By Lloyd Lofton
InsuranceNewsNet Magazine, September 2011
Today someone in America is retiring. In fact, starting this year some 10,000 individuals a day are retiring. Those in the boomer generation are now making decisions that will have a lasting impact on this next phase of their lives. These individuals will have a higher income than their parents did, and for the most part, they will have a higher education level.
According to the Social Security Administration, they will have an average number of years in retirement of 17.89 (19.2 years for females and 16.3 for males). When they retire, two things will happen: They will apply for Social Security and upon doing so will be enrolled in Medicare.
Signing up for Social Security is the last step in a relationship with our federal government that these retiring individuals have been involved in their entire working lives. Each pay period, these individuals had money taken out of their paychecks that they believed would play a large part in their retirement income. When they complete this step, many may experience “The Social Security Surprise” as they see part of their Social Security check being taxed.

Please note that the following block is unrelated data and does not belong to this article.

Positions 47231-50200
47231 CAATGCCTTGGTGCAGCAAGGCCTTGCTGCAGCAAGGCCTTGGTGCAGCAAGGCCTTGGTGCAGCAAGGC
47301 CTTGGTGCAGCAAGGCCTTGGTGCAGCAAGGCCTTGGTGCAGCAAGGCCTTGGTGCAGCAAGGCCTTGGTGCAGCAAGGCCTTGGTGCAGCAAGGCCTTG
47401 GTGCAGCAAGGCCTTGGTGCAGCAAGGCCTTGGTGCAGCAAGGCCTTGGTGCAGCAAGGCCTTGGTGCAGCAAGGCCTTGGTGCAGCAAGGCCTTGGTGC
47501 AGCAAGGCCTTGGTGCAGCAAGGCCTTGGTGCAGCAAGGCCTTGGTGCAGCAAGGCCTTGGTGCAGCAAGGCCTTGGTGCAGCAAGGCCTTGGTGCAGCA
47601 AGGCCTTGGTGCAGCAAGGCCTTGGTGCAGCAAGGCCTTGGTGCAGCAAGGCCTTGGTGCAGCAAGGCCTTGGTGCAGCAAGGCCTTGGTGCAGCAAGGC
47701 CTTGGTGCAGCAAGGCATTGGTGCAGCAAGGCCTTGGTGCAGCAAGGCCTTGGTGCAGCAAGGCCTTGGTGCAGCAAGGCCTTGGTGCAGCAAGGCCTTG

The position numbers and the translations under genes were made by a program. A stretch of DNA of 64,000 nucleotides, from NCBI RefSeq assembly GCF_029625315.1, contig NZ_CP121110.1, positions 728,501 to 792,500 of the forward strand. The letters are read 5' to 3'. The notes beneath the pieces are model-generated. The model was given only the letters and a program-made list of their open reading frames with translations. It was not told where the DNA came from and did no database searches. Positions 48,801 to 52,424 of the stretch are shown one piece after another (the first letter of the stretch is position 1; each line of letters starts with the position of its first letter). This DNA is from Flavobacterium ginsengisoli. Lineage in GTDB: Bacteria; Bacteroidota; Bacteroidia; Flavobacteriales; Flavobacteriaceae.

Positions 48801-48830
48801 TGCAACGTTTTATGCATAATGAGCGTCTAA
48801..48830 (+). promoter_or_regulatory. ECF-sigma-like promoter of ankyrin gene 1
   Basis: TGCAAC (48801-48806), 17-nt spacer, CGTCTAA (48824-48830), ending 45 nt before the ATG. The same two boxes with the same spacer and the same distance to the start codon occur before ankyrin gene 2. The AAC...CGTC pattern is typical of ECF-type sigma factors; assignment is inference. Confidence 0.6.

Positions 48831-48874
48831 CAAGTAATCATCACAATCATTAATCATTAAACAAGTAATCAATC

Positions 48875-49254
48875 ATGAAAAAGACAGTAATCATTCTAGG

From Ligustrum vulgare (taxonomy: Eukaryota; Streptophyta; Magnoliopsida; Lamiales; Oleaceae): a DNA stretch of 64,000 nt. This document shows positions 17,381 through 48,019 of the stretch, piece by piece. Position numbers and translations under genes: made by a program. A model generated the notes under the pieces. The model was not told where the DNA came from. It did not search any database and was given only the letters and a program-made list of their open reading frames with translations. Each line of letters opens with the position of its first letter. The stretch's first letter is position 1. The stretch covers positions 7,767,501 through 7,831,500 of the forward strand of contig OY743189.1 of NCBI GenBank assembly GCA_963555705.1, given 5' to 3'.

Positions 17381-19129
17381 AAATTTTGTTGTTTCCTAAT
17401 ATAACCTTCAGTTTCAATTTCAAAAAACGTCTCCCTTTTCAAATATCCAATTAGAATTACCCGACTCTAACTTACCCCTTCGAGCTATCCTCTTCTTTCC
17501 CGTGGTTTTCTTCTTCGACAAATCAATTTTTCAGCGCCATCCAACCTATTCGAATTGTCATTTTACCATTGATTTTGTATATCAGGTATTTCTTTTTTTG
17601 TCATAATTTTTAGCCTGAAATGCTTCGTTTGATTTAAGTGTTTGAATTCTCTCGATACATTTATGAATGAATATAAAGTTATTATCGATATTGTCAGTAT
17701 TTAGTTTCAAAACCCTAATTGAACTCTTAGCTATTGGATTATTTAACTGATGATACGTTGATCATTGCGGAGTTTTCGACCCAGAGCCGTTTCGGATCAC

Social Security History
In 1935, President Roosevelt signed into law one of the most significant pieces of legislation of our time—the Social Security Act. At the time, the U.S. Treasury ruled that benefit payments were gifts and would not be subject to tax.
In 1983, Congress changed the law and allowed up to 50 percent of Social Security benefits to be subject to tax. In 1993, the law was changed again—now up to 85 percent may be taxed. So what causes Social Security to be taxed? The taxation is based on the amount of income received in a calendar year. This is called “provisional income.”
Provisional Income – Married
For married or head of household:
Social Security can become taxable when income plus half of the amount received from Social Security exceeds $32,000—up to 50 percent of Social Security benefits.
If the amount exceeds $44,000, up to 85 percent of Social Security benefits can be taxed.
Provisional Income – Single
For a single person: